Summer jobs program explores career options Federal effort forsakes menial labor for academics and workplace experience

August 10, 1998|By Larry Carson | Larry Carson,SUN STAFF Sun staff writer Howard Libit contributed to this article.

Last school year, Brandon Briggs worked at a fast-food restaurant near his Woodlawn home. But this summer, the 16-year-old is being paid to spend his summer at Catonsville Community College learning about careers in printing and machine tools.

Wearing a bright orange T-shirt and matching bandanna, Brandon rolls his eyes and laughs when asked which job is better. It's no contest, he says.

"This is interesting. It's good. It can help you succeed in life," he says.

Brandon and 13 other high school students are participating in the newest phase of a 30-year-old federal summer jobs program that has evolved from a way to pay disadvantaged youths for menial summer labor to one that seeks to expand their personal vistas.

Instead of picking up trash or repairing public facilities, Brandon's group is exploring computer-aided careers in printing and machine tool making. Across the county, other youths are sharpening their academic skills and working for public agencies doing tasks tied to possible careers.

"We're trying to tie together what they learn in school and how it applies in the workplace," says Claudia Morrell, who supervises the program at the Catonsville college.

Gloria Sandstrom, manager of youth programs for Baltimore County, says this year's $1.2 million program has put 823 young people to work at minimum-wage jobs for five to seven weeks. Several hundred more students were turned away for lack of money.

Students are taking part in a variety of jobs and activities, from clerical work in county schools and libraries to half-days spent on math and English.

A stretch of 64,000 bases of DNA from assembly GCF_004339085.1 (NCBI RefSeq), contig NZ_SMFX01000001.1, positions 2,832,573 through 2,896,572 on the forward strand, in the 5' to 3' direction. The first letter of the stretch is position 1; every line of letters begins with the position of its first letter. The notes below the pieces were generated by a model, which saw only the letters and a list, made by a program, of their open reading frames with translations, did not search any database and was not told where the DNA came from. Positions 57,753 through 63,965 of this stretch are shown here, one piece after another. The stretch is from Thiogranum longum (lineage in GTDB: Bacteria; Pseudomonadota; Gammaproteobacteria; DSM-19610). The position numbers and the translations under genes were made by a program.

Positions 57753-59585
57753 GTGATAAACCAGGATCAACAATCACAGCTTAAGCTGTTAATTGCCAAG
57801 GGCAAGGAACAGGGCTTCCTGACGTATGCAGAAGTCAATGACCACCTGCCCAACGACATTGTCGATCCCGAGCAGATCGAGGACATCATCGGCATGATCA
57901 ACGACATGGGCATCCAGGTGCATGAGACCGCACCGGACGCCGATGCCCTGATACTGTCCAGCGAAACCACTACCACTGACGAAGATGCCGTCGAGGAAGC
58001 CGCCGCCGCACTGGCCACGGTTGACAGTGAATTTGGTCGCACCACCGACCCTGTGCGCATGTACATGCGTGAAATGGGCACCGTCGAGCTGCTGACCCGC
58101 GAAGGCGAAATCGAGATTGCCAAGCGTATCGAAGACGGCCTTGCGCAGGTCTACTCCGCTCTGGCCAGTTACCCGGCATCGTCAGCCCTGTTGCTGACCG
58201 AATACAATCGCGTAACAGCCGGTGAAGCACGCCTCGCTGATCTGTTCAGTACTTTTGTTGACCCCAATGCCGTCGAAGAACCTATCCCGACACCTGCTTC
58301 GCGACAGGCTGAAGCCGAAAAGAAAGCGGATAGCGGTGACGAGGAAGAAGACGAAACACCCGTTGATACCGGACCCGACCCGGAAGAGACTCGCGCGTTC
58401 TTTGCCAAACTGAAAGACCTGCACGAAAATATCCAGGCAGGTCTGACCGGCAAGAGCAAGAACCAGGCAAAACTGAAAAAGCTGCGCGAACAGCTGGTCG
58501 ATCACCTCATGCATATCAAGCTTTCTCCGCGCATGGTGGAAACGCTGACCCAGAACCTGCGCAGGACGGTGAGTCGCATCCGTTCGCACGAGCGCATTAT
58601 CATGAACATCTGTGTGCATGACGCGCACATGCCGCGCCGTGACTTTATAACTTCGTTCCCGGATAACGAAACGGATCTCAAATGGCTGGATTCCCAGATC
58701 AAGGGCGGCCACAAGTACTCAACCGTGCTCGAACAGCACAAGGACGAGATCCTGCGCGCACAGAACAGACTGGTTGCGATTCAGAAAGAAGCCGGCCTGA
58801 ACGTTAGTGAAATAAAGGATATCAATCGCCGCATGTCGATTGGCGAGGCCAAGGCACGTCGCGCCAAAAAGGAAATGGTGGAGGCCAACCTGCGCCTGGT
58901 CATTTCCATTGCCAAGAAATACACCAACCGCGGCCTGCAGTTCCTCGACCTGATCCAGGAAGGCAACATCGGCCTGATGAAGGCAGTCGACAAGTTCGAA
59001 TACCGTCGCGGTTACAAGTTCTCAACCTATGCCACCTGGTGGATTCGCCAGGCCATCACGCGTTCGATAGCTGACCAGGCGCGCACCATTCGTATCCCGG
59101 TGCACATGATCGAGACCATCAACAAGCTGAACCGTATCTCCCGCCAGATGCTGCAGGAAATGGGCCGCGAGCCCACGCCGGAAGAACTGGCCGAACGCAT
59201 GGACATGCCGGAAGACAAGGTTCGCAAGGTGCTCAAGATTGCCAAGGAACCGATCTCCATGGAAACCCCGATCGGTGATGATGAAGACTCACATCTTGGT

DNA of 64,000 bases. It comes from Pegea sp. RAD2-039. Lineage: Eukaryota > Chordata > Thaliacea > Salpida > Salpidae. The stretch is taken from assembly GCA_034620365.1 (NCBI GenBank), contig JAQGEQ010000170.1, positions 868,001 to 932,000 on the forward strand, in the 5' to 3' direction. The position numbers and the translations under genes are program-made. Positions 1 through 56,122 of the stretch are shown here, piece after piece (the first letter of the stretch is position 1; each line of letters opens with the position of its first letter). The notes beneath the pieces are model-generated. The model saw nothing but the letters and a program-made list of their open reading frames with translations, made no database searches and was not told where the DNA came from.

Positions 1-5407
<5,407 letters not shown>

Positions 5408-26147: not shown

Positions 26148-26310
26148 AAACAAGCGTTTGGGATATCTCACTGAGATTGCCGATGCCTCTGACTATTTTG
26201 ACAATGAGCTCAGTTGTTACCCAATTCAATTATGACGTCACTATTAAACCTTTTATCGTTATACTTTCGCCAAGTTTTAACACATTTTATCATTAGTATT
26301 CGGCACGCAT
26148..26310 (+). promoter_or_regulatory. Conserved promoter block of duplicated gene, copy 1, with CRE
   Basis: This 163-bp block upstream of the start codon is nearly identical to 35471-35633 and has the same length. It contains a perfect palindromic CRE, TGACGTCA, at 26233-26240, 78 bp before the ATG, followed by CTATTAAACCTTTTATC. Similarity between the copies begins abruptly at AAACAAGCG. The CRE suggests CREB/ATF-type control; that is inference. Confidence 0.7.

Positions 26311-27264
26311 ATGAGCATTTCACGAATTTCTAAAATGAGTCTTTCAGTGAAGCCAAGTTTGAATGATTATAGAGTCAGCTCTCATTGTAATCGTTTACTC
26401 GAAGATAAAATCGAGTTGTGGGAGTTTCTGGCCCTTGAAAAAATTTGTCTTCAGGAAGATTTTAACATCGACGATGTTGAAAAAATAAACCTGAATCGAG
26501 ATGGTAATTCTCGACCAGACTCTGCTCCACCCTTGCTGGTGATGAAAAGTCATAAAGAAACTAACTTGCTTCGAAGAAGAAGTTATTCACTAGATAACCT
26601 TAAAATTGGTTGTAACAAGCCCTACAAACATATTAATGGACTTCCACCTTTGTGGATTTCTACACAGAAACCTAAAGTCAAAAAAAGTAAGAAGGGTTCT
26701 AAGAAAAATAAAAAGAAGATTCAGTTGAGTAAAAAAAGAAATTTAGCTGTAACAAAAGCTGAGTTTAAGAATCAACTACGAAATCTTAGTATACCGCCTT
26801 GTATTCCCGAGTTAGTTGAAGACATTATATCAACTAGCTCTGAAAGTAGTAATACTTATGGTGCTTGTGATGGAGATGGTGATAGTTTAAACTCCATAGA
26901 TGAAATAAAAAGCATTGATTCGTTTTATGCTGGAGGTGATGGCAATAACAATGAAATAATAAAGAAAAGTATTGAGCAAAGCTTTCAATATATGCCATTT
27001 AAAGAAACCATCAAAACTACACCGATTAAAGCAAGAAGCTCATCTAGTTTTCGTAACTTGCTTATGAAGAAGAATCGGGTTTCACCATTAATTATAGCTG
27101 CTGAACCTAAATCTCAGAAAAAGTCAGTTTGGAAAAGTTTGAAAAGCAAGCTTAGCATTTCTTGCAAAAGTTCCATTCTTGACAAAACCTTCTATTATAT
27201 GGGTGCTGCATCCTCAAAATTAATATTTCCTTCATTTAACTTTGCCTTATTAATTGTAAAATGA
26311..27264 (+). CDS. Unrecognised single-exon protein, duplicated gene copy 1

At General John Stricker Middle School near Dundalk, 10 students ages 14 and 15 spend mornings in classes designed to improve their academic and job skills. In the afternoons, they do maintenance or clerical work.

"It's been a lot of work," says Justin Jones, who will be a ninth-grader at Dundalk High School and has worked at Sollers Point/Southeastern Technical High School this summer. "But the money has been great. I'm going to use it to buy new clothes for school."

The Catonsville-based printing and machine tool making program, which pays $5.15 an hour over seven weeks, is the newest wrinkle to the federal youth jobs effort.

In addition to 90 minutes of work-related reading and math each six-hour day, students learn to do graphic design on a computer and the sophisticated software programs that control the precise industrial machines.

"This is a simulated work environment," says Charles J. Benjamin, the teacher. "We teach about the work ethic -- paychecks, life goals and how to get them."

The teen-agers at Catonsville are writing and printing personal newsletters and business cards, and each week they take a field trip. Last week, the mostly 16- and 17-year-olds visited French Bray Inc. printing company in Glen Burnie to see six-color presses turn out professional work.

The Catonsville group has taken other trips to printing and binding firms and to Bethlehem Steel Corp. at Sparrows Point. This week, they plan a one-day excursion to Baltimore's Leakin Park with Outward Bound, an outdoor program that teaches teamwork and physical confidence.

Vallesha Parker, a 17-year-old Catonsville High School senior, says she's saving her earnings for senior year expenses. She wants to study computer graphics in college and believes the printing program is giving her advance experience. Producing the newsletters also gives the students practice in writing, reinforcing their English language skills.

Nick McNemar, 17, of Catonsville made up a story for his newsletter about a commercial fisherman who finds a skeleton in his nets, while Keyonia Williams, also a 17-year-old Catonsville resident, wrote a tale about a garbage collector who found $30,000 in a paper bag, turned it in and, when no one claimed it, bought a yacht and retired to the Bahamas.

Davey Patterson, 16, a Lansdowne High School junior, says he's expanded his vocabulary and learned about using computers.

"Computer technology is the wave of the future," he says, reflecting on information he and others learned during the visit to Bethlehem Steel. The giant plant once employed 30,000 people, they were told, but now delivers paychecks to only 4,000, and the number is still dropping.

"That's why I chose computers," says Patterson.

Pub Date: 8/10/98

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